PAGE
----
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3 Equity Funds to Watch: The Latest Additions to Morningstar’s Prospects List

Get to know some equity funds and fund managers that have impressed our analysts this year.

In the first half of 2020, the Morningstar Prospects list gained three new equity strategies that investors may want to put on their watchlist.

Maintained by Morningstar Manager Research analysts, Morningstar Prospects is a list of up-and-coming or under-the-radar fund managers and strategies that the team believes may have enduring advantages and long-term appeal.

Analysts consider a variety of quantitative and qualitative factors when proposing candidates for the Prospects list, including management experience, the uniqueness and durability of the strategy, performance, and fees. A committee of senior analysts and team leaders with extensive experience assessing equity, fixed-income, and alternative strategies then makes the final decision on a strategy’s inclusion. Prospects typically have not been subject to full qualitative analyst coverage in the past but may merit such coverage in the future.

Below, explore the three new equity funds that the team added to the July 2020 list, each with a markedly different approach to investing.

Jensen Quality Value JNVYX Jensen Quality Value has a solid pedigree. It shares the same team and key features of the process behind Jensen Quality Growth JENSX, a large-growth strategy that has a Morningstar Analyst Rating of Silver. This strategy, however, pays more attention to valuation and mid- and small-cap stocks. Portland, Oregon-based Jensen Investment Management launched it in 2010 as a more systematic, quasi-quantitative strategy that combed the firm's universe of stocks that have posted a 15% return on equity for 10 consecutive years for those with low relative valuations and smaller market caps. The firm revamped the process after 2016, when it reduced holdings to 30-50 stocks from 60-80 stocks. Jensen also hired two analysts in 2017 to find more small- and mid-cap stocks trading at steep discounts to intrinsic value than the team might accept at Jensen Quality Growth.

The fund managers are experienced, albeit with the firm’s large-cap quality-growth strategy, averaging more than two decades in the industry and more than a decade at the firm. The process hinges on the managers’ expertise on finding profitable stocks with competitive advantages, as well as a three-stage dividend discount model to gauge valuations. Given the firm's growth-stock ethos and the managers' valuation-consciousness, the portfolio ends up looking more like a growth/value blend rather than value. Its holdings exhibit qualities that tend to help stocks hold up in turmoil, such as economic moats, strong balance sheets and solid profitability. It could lag, however, when deeper value stocks lead.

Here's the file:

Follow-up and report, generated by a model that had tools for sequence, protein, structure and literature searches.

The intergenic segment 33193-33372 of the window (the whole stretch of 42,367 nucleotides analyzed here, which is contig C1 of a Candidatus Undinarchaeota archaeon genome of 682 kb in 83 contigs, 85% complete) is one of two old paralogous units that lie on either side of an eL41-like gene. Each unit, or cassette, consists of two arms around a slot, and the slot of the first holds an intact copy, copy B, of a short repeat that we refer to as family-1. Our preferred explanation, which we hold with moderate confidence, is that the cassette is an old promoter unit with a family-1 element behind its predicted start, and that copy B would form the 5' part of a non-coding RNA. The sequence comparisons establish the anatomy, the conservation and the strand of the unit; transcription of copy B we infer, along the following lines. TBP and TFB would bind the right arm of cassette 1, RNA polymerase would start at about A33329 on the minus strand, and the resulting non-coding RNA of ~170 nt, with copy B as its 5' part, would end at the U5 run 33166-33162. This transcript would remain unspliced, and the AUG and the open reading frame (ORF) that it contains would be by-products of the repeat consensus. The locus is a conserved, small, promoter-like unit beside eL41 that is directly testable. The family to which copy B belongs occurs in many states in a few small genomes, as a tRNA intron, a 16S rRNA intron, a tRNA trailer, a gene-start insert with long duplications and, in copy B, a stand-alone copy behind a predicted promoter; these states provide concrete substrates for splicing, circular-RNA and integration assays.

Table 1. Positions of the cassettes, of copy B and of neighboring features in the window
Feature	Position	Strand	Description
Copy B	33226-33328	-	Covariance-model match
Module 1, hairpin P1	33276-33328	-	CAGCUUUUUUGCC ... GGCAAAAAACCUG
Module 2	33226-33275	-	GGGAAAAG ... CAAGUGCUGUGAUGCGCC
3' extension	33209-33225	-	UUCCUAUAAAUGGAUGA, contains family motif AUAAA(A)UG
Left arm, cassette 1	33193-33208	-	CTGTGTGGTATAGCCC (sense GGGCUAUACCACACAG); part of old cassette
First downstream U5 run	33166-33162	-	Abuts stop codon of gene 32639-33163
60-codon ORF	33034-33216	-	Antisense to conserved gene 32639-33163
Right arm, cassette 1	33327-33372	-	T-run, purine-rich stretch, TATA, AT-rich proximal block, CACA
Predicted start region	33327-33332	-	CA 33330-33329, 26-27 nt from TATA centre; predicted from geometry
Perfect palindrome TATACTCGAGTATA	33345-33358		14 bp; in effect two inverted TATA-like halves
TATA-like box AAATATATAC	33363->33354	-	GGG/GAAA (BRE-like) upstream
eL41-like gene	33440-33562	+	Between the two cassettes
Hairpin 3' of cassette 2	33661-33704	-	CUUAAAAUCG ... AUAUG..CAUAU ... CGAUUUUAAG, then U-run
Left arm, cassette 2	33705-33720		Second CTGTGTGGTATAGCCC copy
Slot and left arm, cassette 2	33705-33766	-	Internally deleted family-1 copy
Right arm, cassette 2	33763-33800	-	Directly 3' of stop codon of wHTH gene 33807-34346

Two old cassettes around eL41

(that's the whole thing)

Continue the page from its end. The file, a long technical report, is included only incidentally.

WCM Focused Emerging Markets WCMEX WCM Focused Emerging Markets is trying to follow the path of its older sibling, Bronze-rated WCM Focused International Growth WCMIX, which graduated from Morningstar Prospects in December 2019. Both equity funds leverage the same research team, and the firm's nuanced moat-trajectory framework grounds each strategy. Here, fund managers Greg Ise and Mike Tian target emerging-markets firms with strong corporate cultures that drive widening moats. Most of the strategy's growing 14-person team serve as generalists, which allows them to apply different themes and successful investment theses across sectors.

A key difference between the two strategies bears watching. Ise and Tian, who took up this fund in 2018, are less experienced as fund managers than their counterparts on WCM Focused International Growth. That said, the firm's investment-committee structure lets Ise and Tian tap their colleagues' expertise. This gives them a good chance to succeed over the long run.

William Blair Large Cap Growth LCGFX William Blair Large Cap Growth's understated process drives its appealing record. Fund managers Jim Golan and David Ricci ply a measured approach to growth investing. They narrow the investment universe by identifying growing industries for further analysis. From there, the managers and 10 supporting analysts seek to uncover firms with structural advantages, such as adept management or persistent excess returns on investment, that can help them capture market share. But this isn't a growth-at-any-cost strategy. Golan and Ricci layer in valuation and split the concentrated, 35- to 40-name portfolio between consistent growers and firms facing near-term headwinds but promising long-term opportunities.

Ricci has refined the approach since joining the strategy in December 2011. He has pushed his analysts to take longer-term views, and he has tightened the portfolio's sector weightings relative to the Russell 1000 Growth Index. The adjustments appear to be working: Since Ricci joined, the equity fund has outpaced the Russell 1000 Growth Index and 90% of its large-growth Morningstar Category peers. The $1.3 billion strategy is a relatively small but attractive option in a highly competitive market segment.

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